2024 — 66th GRAMMY Awards

Nominations: Best Rap Album (Her Loss with 21 Savage), Best Rap Song ("Rich Flex" with 21 Savage"), Best Rap Performance ("Rich Flex" with 21 Savage), Best Melodic Rap Performance ("Spin Bout U" with 21 Savage)

In a sign that a change might be underway in the often-stormy relationship between Drake and the GRAMMYs, the rapper actually submitted material for nomination for the 2024 GRAMMYs. His collaboration with 21 Savage, Her Loss, was put up for Album of the Year (which it didn’t get a nom for) and Best Rap Album (which it did). The songs "Rich Flex" and "Spin Bout U" were also offered up in multiple categories, and each ended up with nominations. 

A Timeline Of Beyoncé's GRAMMY Moments, From Her First Win With Destiny's Child to Making History With 'Renaissance'

2024 GRAMMYs: Best Rap Song Nominees hero

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Here Are The Nominees For Best Rap Song At The 2024 GRAMMYs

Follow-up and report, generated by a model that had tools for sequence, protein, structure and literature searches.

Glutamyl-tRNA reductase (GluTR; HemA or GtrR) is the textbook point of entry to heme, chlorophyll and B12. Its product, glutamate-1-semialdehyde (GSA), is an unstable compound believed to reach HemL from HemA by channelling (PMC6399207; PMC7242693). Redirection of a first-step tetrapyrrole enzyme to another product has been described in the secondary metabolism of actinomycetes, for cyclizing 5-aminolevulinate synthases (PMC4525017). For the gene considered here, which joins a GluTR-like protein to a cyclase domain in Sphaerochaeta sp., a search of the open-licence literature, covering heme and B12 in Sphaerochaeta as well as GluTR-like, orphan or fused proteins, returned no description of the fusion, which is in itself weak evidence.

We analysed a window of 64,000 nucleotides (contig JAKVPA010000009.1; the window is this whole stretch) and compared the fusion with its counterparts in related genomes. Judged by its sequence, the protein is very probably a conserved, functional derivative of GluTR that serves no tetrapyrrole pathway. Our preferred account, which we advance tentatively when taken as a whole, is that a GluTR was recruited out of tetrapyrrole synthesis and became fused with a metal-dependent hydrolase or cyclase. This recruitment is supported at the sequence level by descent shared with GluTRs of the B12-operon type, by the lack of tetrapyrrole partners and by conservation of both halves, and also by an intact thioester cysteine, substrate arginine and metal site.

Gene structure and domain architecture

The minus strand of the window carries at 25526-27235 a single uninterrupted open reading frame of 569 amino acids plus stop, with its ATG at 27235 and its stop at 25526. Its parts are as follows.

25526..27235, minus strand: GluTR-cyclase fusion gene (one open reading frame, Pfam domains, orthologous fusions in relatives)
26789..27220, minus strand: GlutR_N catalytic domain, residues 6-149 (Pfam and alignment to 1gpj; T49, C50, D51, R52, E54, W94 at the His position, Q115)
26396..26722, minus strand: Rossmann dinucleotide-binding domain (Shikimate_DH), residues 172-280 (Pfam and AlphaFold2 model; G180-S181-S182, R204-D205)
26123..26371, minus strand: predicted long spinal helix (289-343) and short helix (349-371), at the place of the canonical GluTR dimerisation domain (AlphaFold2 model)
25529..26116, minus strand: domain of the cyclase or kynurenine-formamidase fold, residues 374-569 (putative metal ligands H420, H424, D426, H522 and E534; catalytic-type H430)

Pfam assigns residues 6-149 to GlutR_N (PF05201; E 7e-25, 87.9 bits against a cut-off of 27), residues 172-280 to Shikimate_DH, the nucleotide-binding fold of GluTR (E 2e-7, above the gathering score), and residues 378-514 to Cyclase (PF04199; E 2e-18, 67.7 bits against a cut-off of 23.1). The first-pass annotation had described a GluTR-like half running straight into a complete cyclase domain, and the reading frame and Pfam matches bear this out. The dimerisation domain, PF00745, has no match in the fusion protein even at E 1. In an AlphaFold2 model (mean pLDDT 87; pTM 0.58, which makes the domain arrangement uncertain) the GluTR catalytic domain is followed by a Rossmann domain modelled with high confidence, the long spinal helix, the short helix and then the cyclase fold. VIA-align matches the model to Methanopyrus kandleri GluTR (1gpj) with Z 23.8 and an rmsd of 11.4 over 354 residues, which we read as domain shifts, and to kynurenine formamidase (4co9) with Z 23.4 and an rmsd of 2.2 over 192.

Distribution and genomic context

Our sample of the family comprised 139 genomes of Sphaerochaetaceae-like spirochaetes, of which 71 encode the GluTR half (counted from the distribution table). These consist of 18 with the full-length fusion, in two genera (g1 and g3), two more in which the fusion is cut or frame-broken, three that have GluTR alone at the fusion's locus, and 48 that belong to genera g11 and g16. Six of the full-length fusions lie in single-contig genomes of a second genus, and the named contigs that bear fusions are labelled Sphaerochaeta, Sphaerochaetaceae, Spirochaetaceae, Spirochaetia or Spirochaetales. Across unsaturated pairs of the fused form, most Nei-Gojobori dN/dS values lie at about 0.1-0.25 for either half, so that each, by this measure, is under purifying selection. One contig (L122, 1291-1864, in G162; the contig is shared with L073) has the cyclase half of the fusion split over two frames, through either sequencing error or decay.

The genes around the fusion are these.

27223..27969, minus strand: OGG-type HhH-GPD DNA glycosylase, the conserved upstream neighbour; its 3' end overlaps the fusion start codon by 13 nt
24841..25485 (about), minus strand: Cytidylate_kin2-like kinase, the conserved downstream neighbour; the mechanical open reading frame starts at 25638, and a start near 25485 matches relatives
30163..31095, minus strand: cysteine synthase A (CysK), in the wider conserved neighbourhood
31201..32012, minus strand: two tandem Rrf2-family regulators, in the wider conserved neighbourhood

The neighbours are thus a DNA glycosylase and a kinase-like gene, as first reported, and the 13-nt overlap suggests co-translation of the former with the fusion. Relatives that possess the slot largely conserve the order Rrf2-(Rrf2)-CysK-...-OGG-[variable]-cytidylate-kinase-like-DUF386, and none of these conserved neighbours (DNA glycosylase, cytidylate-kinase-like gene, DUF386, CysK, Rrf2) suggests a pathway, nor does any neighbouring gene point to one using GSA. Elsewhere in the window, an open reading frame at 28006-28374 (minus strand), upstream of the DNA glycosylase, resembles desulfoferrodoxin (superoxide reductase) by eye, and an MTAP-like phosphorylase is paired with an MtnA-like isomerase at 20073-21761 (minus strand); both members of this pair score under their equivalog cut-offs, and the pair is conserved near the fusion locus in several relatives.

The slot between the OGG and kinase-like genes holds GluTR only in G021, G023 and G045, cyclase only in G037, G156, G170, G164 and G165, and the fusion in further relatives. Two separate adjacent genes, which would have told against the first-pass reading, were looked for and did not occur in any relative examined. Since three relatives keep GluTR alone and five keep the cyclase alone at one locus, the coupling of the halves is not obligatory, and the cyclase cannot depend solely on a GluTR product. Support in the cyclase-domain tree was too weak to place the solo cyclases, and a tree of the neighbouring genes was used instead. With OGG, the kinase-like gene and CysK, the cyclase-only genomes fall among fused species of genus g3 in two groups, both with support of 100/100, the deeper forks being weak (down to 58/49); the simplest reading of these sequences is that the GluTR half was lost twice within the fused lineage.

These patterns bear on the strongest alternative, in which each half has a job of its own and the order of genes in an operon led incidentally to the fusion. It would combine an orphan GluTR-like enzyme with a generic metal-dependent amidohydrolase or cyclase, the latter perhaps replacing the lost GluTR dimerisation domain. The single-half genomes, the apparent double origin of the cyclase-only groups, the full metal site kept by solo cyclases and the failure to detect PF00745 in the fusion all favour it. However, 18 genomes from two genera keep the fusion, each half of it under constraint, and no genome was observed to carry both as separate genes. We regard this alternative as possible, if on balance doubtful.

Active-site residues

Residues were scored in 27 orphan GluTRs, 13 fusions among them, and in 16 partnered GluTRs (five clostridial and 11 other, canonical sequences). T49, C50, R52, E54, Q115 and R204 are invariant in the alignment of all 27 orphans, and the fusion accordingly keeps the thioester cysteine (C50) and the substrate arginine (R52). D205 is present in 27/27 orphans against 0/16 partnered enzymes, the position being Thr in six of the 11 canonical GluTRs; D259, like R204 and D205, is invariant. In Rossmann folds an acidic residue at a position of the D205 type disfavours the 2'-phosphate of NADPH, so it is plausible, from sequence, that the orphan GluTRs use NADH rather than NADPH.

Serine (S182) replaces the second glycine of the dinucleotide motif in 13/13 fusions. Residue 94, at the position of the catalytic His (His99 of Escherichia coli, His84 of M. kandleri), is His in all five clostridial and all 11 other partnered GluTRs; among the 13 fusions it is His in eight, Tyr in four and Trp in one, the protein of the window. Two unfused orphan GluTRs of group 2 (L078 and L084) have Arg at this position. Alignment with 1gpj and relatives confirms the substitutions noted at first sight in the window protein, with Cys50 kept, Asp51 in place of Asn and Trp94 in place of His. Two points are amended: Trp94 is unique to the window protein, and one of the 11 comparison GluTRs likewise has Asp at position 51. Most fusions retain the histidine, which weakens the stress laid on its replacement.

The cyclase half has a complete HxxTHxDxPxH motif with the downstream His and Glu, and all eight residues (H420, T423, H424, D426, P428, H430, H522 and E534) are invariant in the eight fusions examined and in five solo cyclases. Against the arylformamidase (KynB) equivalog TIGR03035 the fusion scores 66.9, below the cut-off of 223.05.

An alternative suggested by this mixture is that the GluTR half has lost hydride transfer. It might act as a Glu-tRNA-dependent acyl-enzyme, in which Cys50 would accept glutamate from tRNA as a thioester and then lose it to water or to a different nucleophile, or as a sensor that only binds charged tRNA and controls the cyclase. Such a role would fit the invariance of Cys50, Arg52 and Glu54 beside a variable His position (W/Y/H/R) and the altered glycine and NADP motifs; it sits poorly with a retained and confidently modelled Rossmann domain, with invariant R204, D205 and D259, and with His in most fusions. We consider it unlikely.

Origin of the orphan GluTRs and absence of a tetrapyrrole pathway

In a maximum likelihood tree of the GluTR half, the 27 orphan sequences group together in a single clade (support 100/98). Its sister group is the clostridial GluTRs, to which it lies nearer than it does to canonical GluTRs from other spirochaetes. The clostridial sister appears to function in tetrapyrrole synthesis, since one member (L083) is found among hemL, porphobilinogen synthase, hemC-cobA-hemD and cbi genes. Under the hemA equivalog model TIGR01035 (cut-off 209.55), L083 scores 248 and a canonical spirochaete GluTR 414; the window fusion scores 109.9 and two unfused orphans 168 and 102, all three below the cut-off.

Get a deeper look into the five tracks from Doja Cat, Nicki Minaj and Ice Spice, Lil Uzi Vert, Drake and 21 Savage, and Killer Mike, André 3000, Future and Eryn Allen Kane that earned the Best Rap Song nod at the 2024 GRAMMYs.

GRAMMYs/Nov 11, 2023 - 02:44 pm

Rap music has changed a lot since the Best Rap Song category was introduced at the 2004 GRAMMYs. Most of the first year's nominees, even if they're still making music, now spend the majority of their time on things like making hit TV shows or running iconic fashion brands.

But the category, then and now, has its finger on the pulse; it gives us a cross-section of what makes hip-hop so important to so many people. The Best Rap Song nominees for the 2024 GRAMMYs are no different. The Category includes a pop princess taking a big left turn; two New Yorkers paying tribute to the greatest of all dolls; a Philly rapper taking us to the club; a duo who can't stop flexing on us; and a Dungeon Family reunion that spans generations. 

Below, take a deep dive into the five tracks up for Best Rap Song at the 2024 GRAMMYs.

Attention" — Doja Cat